Ceva has developed its first processor architecture aimed squarely at deep learning.
Although it borrows from the company’s earlier work on neural networks, Ceva regards the NeuPro as the first core it has developed inhouse since the company started in 1990 that is not classed as a digital signal processor (DSP). The NeuPro hardwires a number of core deep-learning functions in an architecture that is meant to limit the demands these algorithms place on memory bandwidth and, with that, power consumption.
Liran Bar, director of product marketing for imaging and vision at Ceva, said: “The core will be available for lead customers in Q2, with general availability following in Q3.”
Typically, the NeuPro will sit alongside a more conventional vector processing unit (VPU) from Ceva. The NeuPro engine can also be licensed separately by customers for use with their own vision or audio processors. The VPU will typically run conventional signal-processing algorithms, such as image warping to provide a preprocessed data for the neural networks as well as customized deep-learning layers and managing the flow of data through a stack of neural-network layers. But the three fundamental building blocks of today’s deep-learning architectures are handled in dedicated execution units. “The architecture has the flexibility to cope with neural-network changes that might be made in the future,” claimed Bar.
The NeuPro integrates multiple multiply-add units (MACs) into a section dedicated to handling the neuron-weight calculations for convolutional and fully connected layers, with the aim of keeping as many of the data elements within the confines of the execution units while they are needed. The execution unit includes functions to handle the padding of convolutions at image boundaries, avoiding the need to go into software for these edge conditions.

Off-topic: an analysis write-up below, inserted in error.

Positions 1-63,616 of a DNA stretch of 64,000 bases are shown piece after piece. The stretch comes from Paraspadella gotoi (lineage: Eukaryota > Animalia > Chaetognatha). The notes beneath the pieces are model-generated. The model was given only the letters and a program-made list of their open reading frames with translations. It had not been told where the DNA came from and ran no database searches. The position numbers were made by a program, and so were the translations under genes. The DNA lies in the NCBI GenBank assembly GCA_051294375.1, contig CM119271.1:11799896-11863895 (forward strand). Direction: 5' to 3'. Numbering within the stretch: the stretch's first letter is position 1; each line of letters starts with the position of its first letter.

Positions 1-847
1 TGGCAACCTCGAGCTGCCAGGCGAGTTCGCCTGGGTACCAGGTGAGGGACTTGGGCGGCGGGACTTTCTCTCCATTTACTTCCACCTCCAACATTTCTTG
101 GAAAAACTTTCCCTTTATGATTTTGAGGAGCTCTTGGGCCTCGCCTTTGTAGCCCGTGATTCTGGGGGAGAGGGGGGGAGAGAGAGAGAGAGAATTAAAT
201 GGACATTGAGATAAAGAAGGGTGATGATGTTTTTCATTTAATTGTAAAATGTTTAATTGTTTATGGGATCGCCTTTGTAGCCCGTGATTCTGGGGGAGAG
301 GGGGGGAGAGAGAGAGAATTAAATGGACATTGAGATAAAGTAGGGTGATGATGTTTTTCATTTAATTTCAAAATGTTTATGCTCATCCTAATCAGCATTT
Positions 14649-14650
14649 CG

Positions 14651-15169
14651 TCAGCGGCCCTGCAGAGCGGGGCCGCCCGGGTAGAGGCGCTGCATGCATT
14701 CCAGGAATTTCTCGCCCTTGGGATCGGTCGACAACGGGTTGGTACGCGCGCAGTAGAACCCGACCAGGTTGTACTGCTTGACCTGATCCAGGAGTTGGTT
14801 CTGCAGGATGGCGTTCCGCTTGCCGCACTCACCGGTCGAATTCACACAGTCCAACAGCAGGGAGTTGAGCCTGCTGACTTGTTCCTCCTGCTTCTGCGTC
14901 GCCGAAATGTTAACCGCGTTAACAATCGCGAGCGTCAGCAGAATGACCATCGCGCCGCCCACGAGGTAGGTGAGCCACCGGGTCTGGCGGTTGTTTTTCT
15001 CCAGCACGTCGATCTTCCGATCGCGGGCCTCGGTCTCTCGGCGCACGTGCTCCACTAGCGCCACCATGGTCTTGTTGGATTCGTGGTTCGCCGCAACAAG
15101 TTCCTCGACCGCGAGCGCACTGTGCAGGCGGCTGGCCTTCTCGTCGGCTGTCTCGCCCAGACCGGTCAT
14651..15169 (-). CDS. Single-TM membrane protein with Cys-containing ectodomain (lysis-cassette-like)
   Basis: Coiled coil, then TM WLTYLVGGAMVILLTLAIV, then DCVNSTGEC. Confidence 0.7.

Image Block diagram of the Ceva NeuPro
The results then move into a series of units that handle tasks such as activation, using common functions such as tanh and reLU, and the pooling stages that commonly follow a stack of convolutional layers. “Activation and pooling can be done on the fly without going to the memory,” Bar said, adding that the flow of data between activation and pooling stages can be reversed to cope with situations where downsampling is performed before the activation function is applied.
In designing the NeuPro, Ceva’s architects opted to use two fixed-point data resolutions — 8 and 16bit — and not implement half-precision floating point. “For half-resolution floating-point, you pay a high price in power and area,” Bar said, adding that 16bit fixed-point offers sufficient precision for training. Once trained, the resolution used during can, in many cases, be trimmed to 8bit. Bar noted that AlexNet and GoogleNet among others continue to perform well when converted to 8bit. The precision can be selected on a layer-by-layer basis.
The architecture is designed to perform both inferencing and local training using the same core architecture. Future versions may offer lower resolutions, depending on the progress of R&D on reduced-precision weight calculations.
“We haven’t seen networks trained on 4bit,” Bar said. “But people are starting to talk about binary networks.”
As with Ceva’s previous forays into deep learning with its vector signal processors, the NeuPro is supported by the CDNN software package. This can take networks trained and optimized on servers and convert them to fixed-point versions that can run on the embedded platform. It performs parallelization analysis to work out which layers can be run simultaneously to maximize throughput through the MAC arrays. Experiments on ResNet-50 converted for the NP4000 implementation of NeuPro demonstrated a 61 per cent speedup over the previous version running on the XM6 processor.